"Math Sample Final Exam Questions Fall On the math"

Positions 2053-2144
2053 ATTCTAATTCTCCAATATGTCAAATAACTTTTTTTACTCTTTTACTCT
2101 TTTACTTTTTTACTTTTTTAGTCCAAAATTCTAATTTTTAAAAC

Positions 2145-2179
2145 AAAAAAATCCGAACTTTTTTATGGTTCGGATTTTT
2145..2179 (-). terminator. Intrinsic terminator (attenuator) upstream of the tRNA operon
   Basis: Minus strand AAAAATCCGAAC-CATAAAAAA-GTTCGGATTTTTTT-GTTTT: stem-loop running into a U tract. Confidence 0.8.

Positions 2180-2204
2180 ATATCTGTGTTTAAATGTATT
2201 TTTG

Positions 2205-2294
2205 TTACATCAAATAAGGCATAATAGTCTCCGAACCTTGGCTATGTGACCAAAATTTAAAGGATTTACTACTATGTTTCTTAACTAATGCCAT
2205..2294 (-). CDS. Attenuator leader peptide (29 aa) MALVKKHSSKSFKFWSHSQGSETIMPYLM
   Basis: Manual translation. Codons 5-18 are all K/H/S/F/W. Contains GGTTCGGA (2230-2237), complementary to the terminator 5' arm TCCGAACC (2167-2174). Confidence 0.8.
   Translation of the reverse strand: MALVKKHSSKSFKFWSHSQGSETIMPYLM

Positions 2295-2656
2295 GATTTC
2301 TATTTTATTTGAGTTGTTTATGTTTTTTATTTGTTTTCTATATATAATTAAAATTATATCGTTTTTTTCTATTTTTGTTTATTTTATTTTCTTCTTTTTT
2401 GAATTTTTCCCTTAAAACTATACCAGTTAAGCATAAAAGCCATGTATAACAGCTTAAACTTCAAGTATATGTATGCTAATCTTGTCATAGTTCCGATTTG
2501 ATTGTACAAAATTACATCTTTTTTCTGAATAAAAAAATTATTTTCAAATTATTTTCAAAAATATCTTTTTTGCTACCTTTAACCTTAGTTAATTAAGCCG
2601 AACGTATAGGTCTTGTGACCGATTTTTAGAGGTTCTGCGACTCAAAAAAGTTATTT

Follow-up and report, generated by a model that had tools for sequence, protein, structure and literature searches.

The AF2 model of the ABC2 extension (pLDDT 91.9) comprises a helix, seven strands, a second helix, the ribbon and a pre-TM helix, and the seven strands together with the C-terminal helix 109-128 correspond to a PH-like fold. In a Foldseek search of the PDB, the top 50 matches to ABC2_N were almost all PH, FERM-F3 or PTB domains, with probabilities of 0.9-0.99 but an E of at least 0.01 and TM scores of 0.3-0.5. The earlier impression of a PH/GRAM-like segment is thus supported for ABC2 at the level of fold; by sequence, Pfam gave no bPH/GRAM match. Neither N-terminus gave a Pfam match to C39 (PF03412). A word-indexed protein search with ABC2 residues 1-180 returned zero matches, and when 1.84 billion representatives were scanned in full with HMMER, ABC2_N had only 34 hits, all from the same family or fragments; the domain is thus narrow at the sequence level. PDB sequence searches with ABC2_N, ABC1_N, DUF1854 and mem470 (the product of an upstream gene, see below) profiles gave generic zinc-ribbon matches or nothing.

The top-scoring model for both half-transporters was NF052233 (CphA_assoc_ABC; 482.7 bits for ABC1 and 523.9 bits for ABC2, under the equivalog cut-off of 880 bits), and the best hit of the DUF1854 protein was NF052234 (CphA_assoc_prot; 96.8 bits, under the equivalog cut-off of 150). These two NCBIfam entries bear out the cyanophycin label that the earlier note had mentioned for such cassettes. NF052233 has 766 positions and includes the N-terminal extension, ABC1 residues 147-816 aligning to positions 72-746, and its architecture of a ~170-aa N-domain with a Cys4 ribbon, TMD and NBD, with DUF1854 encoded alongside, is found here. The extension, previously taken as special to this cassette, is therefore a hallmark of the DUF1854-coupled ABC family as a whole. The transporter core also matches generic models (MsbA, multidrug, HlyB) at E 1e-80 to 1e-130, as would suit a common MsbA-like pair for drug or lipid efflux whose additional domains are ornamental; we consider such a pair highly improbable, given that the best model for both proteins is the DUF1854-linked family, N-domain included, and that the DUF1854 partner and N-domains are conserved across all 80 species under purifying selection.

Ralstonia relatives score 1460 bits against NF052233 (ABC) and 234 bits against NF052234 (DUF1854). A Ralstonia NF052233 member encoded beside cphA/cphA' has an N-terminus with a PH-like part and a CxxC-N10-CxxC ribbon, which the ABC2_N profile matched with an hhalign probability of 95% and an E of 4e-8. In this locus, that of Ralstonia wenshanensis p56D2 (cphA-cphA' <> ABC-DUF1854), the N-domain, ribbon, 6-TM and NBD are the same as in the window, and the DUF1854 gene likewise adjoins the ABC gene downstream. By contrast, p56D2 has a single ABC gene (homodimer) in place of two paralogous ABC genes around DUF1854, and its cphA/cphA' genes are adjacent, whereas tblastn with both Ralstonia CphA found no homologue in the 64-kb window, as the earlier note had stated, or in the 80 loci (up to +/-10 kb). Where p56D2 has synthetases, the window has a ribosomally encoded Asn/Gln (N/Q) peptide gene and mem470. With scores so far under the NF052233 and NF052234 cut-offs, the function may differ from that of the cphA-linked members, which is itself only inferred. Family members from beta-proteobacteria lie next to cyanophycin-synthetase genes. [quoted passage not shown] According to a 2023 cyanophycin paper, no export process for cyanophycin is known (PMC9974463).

Math 57 Sample Final Exam Questions Fall 2005 1. On the math SAT men have a distinct edge. In 1994, for example, the men averaged about 500, and the women averaged about 460. The SD for both groups was about 100. (a) Estimate the percentage of men getting over 600 on this test in 1994. (b) Estimate the percentage of women getting over 600 on this test in 1994. (c) What did you assume about the SAT scores in order to compute the above values? 2. A survey is carried out by the ﬁnance department to determine the distribution of household size in a certain city. They draw a simple random sample of 1,000 households. After several visits, the interviewers ﬁnd people at home in only 653 households. Rather than face such a high non-response rate, the department draws a new batch of households, and uses the ﬁrst 347 completed interviews in the second batch together with the 653 in order to have a sample of 1,000 households. The department counts 3,087 people in these 1,000 households, and estimates the average household size in the city to be about 3.1 persons. Is this estimate likely to be too low, too high, or about right? Explain. 3. A study on college students found that the men had an average weight of about 66kg and a SD of 9kg. The women had an average weight of about 55kg and a SD of 9kg. (a) Find the averages and SDs in pounds (assume that 1kg = 2lbs ... even though it is closer to 1kg=2.2lbs) (b) Just roughly, what percentage of men weigh between 57kg and 75kg? (c) If you took the men and women together, would the SD of their weights be smaller than 9kg, bigger than 9kg, or just about 9kg? Explain. 4. The diameter of the moon is measured four times independently by a process that is free of bias. The individual measurements came out 2157, 2166, 2162, 2155 miles, which average out to 2160. One more measurement is about to be taken using the same process. When compared with the estimate of 2160 miles, you would expect this new measurement to be: (Explain) (a) more accurate as a measure of the true diameter of the moon? (b) less accurate as a measure of the true diameter of the moon? (c) about as accurate as a measure of the true diameter of the moon? 5. For 24 diﬀerent brands of cigarettes, the nicotine content (in mg) and tar content (in mg) was measured. The regression line is: nicotine content (mg) = 0.132 + 0.062 * tar content (mg) (a) Interpret the values 0.132 and 0.062. What are their units? What do they say about the rela- tionship between nicotine content and tar content? (b) For a cigarette with 10mg of tar, how many mg of nicotine should you expect in the cigarette? 6. Suppose you have to cross a train track on your commute. The probability that you will have to wait for a train is 0.2. If you don’t have to wait, the commute takes 15 minutes, but if you have to wait, it takes 20 minutes. (a) What is the expected value for the time it takes you to commute? (b) Is the expected time ever the actual commute time? Explain. 1 7. One large course has 900 students, broken down into section meetings with 30 students each. The section meetings are led by TAs. On the ﬁnal, the class average is 63 and the SD is 20. However, in one section the average is only 55. The TA argues this way: If you took 30 students at random from the entire class, there is a pretty good chance that they would average below 55 on the ﬁnal. That’s what happened to me – chance variation. Is this a good defense? Explain. (Hint: you don’t really need to do a hypothesis test here, but a p-value and the interpretation that goes along with the p-value will help anwer the question.) 8. One hundred investigators set out to test a diﬀerent null hypothesis. Unknown to them, all the null hypotheses happen to be true. Investigator #1 gets a p-value of 0.55. Investigator #2 gets a p-value of 0.08. And so forth. How many investigators should get a statistically signiﬁcant result? Explain 9. For each of the following, specify the “parameter” and “speciﬁc value” we are interested in testing: (a) Do a majority of Americans between the ages of 18 and 30 think the use of marijuana should be legalized? (b) Is the mean of the Math SAT scores in California in a given year diﬀerent from the target mean of 500 set by the test developers? 10. A tire manufacturer believes that the treadlife of its tires can be described by a normal model with a mean of 32,000 miles and a standard deviation of 2,500 miles. (a) You believe that, because of the way you drive, you will get 34,000 miles out of your tires. What percent of people get more treadlife out of their tires than you do? (b) Find the IQR (inner-quartile range) of the treadlifes. Show your work. 11. We would like to know: “What is the average price of a house in Franklin County, OH?” We took a random sample of 100 houses, and found the average to be $120,128 and the standard deviation to be $50,324. Use the data to provide an answer to the question. 12. Bill, a psychologist, has developed a new aptitude test. He was able to show (through a somewhat dubious study) that 80% of the public passed the test. A second psychologist, Tamera, wants to recreate this study. She believes the actual percentage is less than 80%. A random sample of 200 people took the test, and 152 passed. does Tamera have enough evidence to say that Bill’s test is invalid? Justify your answer with a complete hypothesis test. 13. Data were collected in a statistics class of 35 students on how many countries and states were visited by each member of the class. The instructor wants to use this data to predict how many countries a student has visited based on the number of states he or she has visited, and obtains the following regression population model and output. # countries visited = βo + β1 · # states visited coef st.dev.(coef) Constant 0.592 1.747 # States visited 0.241 0.076 (a) Do # of countries visited and # of states visited have a linear relationship? Test the appropriate hypothesis. (b) Consider the population of all students who have visited the exact same number of states as you have. If you were to predict (1) the number of countries those people have visited on average or (2) the number of countries a randomly selected individual has visited, which would be more variable? That is, if you make prediction intervals for both (1) and (2) which interval would be wider? Explain. 2